A to Z of Films Meme (K)

Everybody’s sin is nobody’s sin. And everybody’s crime is no crime at all.



Being from the land of Kama­su­tra, but liv­ing in the era of moral polic­ing, Kin­sey was like a breath of fresh air. Dr. Alfred Kin­sey was the world’s first mod­ern sex­ol­o­gist, and a lot of today’s knowl­edge of our sex­u­al­i­ty was the direct result of his sem­i­nal work.Kinsey

It was a time when every­one accept­ed that mas­tur­ba­tion was harm­ful, but did it any­way. An era where every­one accept­ed that mis­sion­ary style sex with one’s spouse was the only ‘per­mis­si­ble’ sex, but engaged in oral and homo­sex­u­al sex any­way. It was a soci­ety of hypocrisy and it took one intel­li­gent sci­en­tist, who could be detached from sex and study human beings as a bio­log­i­cal species, to open­ly pub­lish that the Emper­or wore no clothes.

Kin­sey was an unusu­al and dif­fi­cult man, focused like a laser beam on his research, blind to every­thing else around him. After col­lect­ing and study­ing 1 mil­lion wasps, he acci­den­tal­ly stum­bled on study­ing human sex­u­al­i­ty. His detach­ment was instru­men­tal in mak­ing peo­ple reveal their per­son­al sex lives in his sur­veys. He and his team of researchers inter­viewed thou­sands of Amer­i­cans over sev­er­al years and laid bare shock­ing sta­tis­tics that showed homo­sex­u­al­i­ty, promis­cu­ity, and ‘non-stan­dard’ sex­u­al behav­ior to be ram­pant in con­ser­v­a­tive Amer­i­ca.

The movie brings to life an intel­li­gent but impos­si­ble man, often extreme in his ways, and makes us root for him. Despite the gay direc­tor mak­ing this film in times when gay rights is a hot issue in the US, it nei­ther focus­es undu­ly on it, nor is heavy-hand­ed about it. Liam Nee­son is out­stand­ing in his sen­si­tive por­tray­al as is Lau­ra Lin­ney, who plays the lov­ing, under­stand­ing wife who learns how to live with this dif­fi­cult hus­band.

The film’s final achieve­ment is that despite the provoca­tive and seri­ous sub­ject, it is a thor­ough­ly enter­tain­ing film, with its share of laughs and humor.

KanoonRunner Up


A grip­ping court­room dra­ma, a psy­cho­log­i­cal thriller, India’s first talkie film with no song and dance sequence. B. R. Chopra direct­ed this off-beat film in 1960, at a time when a suc­cess­ful sound­track and hit songs were con­sid­ered a must in Indi­an cin­e­ma. The anec­dote goes that Chopra was at a for­eign film fes­ti­val when he over­heard some­one remark­ing that Indi­ans could not make a film with­out song and dance num­bers.

A mur­der case where the bur­glar accused of the mur­der is defend­ed by a lawyer who is the prospec­tive son-in-law of the judge. The twist is that this lawyer is wit­ness to the judge him­self com­mit­ting the crime. Though the cli­max seems trite today, the movie nev­er­the­less enter­tains with good deal of sus­pense. Fine per­for­mances by Ashok Kumar and Rajen­dra Kumar as the judge and lawyer.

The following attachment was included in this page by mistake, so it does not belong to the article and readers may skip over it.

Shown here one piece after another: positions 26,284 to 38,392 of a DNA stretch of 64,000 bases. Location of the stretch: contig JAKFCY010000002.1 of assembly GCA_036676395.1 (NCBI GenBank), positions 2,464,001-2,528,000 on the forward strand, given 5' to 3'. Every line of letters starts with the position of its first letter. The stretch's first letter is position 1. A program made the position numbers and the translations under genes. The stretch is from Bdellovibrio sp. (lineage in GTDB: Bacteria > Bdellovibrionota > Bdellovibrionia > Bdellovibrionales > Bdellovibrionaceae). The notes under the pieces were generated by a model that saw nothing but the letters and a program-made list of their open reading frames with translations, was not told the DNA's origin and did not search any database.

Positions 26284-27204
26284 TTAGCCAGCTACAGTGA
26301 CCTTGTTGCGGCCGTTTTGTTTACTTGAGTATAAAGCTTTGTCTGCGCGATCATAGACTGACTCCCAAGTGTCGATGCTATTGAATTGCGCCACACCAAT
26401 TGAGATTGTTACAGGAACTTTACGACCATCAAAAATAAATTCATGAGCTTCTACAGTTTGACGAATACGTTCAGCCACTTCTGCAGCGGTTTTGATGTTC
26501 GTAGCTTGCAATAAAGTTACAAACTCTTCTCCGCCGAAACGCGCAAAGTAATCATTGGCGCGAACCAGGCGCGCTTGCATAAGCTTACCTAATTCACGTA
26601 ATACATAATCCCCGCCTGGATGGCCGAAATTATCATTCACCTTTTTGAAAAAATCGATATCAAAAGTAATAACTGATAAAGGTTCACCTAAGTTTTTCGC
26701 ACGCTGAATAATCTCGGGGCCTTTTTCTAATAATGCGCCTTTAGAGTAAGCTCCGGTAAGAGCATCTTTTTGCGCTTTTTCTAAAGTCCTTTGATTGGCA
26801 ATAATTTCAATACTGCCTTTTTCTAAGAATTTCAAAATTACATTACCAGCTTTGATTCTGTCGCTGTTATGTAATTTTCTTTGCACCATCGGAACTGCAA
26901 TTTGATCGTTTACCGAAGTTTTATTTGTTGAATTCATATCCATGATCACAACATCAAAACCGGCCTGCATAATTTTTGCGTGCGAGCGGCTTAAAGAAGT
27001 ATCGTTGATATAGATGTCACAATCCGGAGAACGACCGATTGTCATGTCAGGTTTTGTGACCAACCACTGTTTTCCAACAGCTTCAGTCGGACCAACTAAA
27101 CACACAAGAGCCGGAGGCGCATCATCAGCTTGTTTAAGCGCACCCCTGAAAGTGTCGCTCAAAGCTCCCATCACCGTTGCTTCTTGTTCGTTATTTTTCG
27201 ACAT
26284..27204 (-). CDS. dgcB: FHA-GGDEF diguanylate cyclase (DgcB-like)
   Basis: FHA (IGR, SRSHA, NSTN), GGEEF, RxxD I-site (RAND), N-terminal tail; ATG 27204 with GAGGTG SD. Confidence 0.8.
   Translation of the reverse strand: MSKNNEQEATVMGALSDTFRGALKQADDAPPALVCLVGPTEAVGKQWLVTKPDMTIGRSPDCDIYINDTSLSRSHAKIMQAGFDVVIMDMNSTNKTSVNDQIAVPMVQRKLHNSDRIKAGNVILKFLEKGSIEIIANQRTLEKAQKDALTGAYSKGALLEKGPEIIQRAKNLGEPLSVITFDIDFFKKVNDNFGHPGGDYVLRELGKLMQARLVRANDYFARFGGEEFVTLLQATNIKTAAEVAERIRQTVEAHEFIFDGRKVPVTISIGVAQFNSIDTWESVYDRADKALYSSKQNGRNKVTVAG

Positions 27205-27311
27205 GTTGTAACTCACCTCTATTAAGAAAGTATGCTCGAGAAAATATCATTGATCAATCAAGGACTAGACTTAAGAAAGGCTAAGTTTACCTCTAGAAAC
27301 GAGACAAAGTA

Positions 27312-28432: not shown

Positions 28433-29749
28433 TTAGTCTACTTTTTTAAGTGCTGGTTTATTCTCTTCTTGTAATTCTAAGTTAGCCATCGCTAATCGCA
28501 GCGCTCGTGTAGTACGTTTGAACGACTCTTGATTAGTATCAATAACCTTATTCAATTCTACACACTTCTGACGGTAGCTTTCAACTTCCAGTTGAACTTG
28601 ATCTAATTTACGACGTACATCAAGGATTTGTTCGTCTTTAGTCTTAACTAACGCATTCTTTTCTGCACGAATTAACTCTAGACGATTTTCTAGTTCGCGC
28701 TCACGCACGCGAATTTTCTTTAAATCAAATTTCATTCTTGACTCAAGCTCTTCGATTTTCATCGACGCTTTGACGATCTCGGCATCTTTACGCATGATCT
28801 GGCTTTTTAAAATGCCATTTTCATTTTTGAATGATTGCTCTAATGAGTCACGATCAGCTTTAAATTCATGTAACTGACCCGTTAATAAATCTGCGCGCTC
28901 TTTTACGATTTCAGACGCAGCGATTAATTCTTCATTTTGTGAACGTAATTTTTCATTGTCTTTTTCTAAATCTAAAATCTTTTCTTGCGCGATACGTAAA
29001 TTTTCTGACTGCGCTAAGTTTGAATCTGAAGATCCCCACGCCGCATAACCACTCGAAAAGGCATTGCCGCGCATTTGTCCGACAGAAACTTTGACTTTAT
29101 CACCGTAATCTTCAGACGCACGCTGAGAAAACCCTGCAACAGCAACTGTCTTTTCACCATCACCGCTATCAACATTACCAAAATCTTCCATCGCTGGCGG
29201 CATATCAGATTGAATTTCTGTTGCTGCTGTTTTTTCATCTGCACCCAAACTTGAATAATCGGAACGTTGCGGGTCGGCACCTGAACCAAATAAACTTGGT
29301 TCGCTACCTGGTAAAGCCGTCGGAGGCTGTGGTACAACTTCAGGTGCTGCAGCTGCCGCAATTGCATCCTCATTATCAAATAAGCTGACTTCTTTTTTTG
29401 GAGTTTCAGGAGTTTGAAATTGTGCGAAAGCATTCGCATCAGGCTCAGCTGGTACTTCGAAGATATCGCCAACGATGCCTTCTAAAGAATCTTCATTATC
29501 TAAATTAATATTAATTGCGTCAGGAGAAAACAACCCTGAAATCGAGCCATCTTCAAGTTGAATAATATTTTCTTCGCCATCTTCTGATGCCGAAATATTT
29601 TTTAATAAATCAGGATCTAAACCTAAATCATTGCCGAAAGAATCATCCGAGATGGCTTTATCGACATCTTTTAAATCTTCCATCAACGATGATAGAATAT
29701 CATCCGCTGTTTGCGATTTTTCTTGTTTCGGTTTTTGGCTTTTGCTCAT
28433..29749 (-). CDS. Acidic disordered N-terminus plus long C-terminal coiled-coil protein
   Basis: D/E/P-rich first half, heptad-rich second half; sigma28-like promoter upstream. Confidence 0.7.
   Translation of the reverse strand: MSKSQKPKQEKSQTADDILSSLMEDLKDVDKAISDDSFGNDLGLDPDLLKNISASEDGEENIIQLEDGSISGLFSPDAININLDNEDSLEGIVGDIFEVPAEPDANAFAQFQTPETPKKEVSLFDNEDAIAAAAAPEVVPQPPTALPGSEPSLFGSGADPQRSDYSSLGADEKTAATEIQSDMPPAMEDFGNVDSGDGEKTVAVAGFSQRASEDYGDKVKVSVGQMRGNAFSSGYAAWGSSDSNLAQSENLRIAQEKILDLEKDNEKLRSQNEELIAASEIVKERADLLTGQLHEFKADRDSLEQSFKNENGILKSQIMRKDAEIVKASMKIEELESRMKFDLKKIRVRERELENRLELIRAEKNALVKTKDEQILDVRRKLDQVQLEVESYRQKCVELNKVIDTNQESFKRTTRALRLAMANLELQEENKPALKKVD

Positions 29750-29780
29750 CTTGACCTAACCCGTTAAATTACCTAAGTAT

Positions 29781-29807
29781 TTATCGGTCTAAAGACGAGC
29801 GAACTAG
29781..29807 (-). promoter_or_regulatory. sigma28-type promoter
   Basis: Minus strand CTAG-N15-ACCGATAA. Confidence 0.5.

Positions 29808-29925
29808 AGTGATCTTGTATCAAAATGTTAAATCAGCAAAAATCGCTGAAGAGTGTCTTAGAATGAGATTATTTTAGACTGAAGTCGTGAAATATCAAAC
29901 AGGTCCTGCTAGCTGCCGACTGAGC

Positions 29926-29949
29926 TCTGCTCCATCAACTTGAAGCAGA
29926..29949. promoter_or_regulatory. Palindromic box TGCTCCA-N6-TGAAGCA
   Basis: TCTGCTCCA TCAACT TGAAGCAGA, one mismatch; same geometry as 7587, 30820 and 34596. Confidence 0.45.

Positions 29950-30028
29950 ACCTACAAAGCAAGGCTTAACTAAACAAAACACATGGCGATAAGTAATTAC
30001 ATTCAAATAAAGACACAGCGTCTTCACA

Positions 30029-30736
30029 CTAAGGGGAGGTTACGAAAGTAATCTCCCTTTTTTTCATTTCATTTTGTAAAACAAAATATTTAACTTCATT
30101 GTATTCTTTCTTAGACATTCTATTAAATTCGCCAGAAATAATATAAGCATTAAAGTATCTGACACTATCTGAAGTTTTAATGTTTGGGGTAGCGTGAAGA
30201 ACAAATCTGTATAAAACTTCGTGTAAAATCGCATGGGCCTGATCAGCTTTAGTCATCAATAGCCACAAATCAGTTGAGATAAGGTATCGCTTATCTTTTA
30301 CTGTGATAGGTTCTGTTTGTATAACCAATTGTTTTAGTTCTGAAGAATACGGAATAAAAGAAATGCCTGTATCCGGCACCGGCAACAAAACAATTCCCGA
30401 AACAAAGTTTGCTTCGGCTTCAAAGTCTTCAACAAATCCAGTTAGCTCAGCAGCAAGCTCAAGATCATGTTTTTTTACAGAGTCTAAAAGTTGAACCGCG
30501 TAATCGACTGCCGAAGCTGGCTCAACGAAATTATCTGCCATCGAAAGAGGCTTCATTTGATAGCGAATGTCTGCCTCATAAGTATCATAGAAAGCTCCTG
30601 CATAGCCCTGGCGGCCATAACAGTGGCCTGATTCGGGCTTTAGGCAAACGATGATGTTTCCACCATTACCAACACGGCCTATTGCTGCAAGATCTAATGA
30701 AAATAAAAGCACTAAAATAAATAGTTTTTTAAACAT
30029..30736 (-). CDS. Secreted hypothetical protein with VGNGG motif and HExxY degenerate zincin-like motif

Noteworthy Mention

Koshish (Attempt), the life of a deaf-and-dumb cou­ple in India. Read my review here.

Khamosh, a mur­der mys­tery ahead of its times in Bol­ly­wood, direct­ed by Vid­hu Vin­od Chopra.

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  • Ah, I like your selec­tion Mahen­dra!

    I often quote the Kin­sey scale while edu­cat­ing peo­ple who are unaware of homo­sex­u­al­i­ty or sex­u­al­i­ty in gen­er­al. I think the movie is made very nice­ly and has a good blend of the­o­ry, humor, ‘adven­tur­ous’ social behav­ior etc. The oth­er movie I liked and was part of many scary dreams was Khamosh. If I remem­ber, the movie has no songs. For a long time I was skep­ti­cal about house­boats and I swore I’ll nev­er live on one. hehe­he!

  • Mahen­dra, Kanoon is one of my favourites too. This was one of the few films where Rajen­dra Kumar at least made an effort to act. You didn’t men­tion Nan­da, she had a small but impor­tant role to play.

  • JagChan

    Mr Mahen­dra,
    As you right­ly men­tioned, Kanoon was released some­where in 1960.
    At that time Nands was 20–25 years old.
    In the pic­ture Nan­da was Ashok Kumars daugh­ter and Rajen­dra Kumar was prospec­tive Son-in-Law.
    You for­got to men­tion Nand Pal­sikar, who gave a ster­ling per­fo­mance in the movie.

  • Dev

    Have watched nei­ther of the first two..thanks for the recomem­n­da­tions..

  • I’ve seen your note­wor­thy men­tion but not the oth­ers. Filed those oth­er names away!

  • Anand

    I had not com­ment­ed on (K) because I have not seen any of the movies that you list­ed. Plus I didn’t think of any rec­om­men­da­tions… until today 🙂

    I can’t believe that I couldn’t remem­ber Kaagaz Ke Phool.